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Editorial: Remove unfair hurdle to practice law

Jose Godinez-Samperio, brought here by his parents at age 9, has fulfilled all the steps needed to enter the legal profession.

Jose Godinez-Samperio, brought here by his parents at age 9, has fulfilled all the steps needed to enter the legal profession.

The Florida Supreme Court held a hearing nearly six months ago on whether Jose Godinez-Samperio can practice law in Florida. He's still waiting for an answer. Godinez-Samperio has fulfilled all the steps necessary to enter the profession. But he's an undocumented immigrant whose parents brought him here from Mexico when he was 9 years old, and according to the state's Board of Bar Examiners that is a problem. Godinez-Samperio deserves a clear answer from the court, and the justices should overrule the reservations of the Board and grant Godinez-Samperio a law license.

National immigration policy allows young men who were brought here as children through no fault of their own to live and work in the country. And there is no state prohibition on foreign citizens being approved for Florida Bar admission. Yet Godinez-Samperio remains in limbo.

Godinez-Samperio, 26, is just the kind of young man President Barack Obama intended to help through an executive order in June that gives undocumented immigrants under the age of 30 the chance to remain in the United States without fear of deportation. He is an Eagle Scout who graduated as the valedictorian at Armwood High School in Seffner. His impressive academic credentials include an undergraduate degree from New College and a law degree from Florida State University. Florida taxpayers already have contributed substantially to Godinez-Samerio's public education, and it was a good investment. In July 2011, Godinez-Samerio passed the Florida Bar exam and later cleared his character and fitness review. He has obtained a Social Security number and a permit to work legally in the United States.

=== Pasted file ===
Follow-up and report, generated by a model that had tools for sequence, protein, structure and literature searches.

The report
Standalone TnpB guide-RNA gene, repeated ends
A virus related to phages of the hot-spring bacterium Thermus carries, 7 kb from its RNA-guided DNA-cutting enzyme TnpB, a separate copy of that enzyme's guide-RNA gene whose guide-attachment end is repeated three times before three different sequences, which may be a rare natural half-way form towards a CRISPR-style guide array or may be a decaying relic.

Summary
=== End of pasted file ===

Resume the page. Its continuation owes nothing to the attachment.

Godinez-Samperio would be a working attorney today if not for a policy developed in 2008 by the Board of Bar Examiners requiring that entrants provide proof of citizenship or immigration status. After Godinez-Samerio applied for a law license, the Board went to the Florida Supreme Court for an advisory opinion on whether an undocumented immigrant may be admitted to the Bar. Talbot "Sandy" D'Alemberte, a former American Bar Association president, state legislator and Florida State University president, represents Godinez-Samperio and makes persuasive arguments: The Board has no authority to establish an exclusionary policy without a full and fair rulemaking process that allows for input by interested parties; also, it is wrong to apply a policy to someone after they have complied with all the onerous and expensive requirements for Bar admission.

But Godinez-Samperio's case comes down to the fact that he qualifies for a law license. This was made evident during the October hearing when Justice Jorge Labarga noted that a lawyer from Buenos Aires working with a Florida law firm, who never plans to set foot in the United States, can become a member of the Florida Bar. In addition, Labarga said, Godinez-Samperio has a valid Social Security number and may legally work in the country.

"What is the issue?" Labarga asked.

Exactly. There is no legitimate reason to refuse Godinez-Samperio Bar admission. The high court should agree and remove this unjustified barrier that improperly mixes immigration issues with the license to practice law.

Editorial: Remove unfair hurdle to practice law 03/26/13 [Last modified: Tuesday, March 26, 2013 4:47pm]
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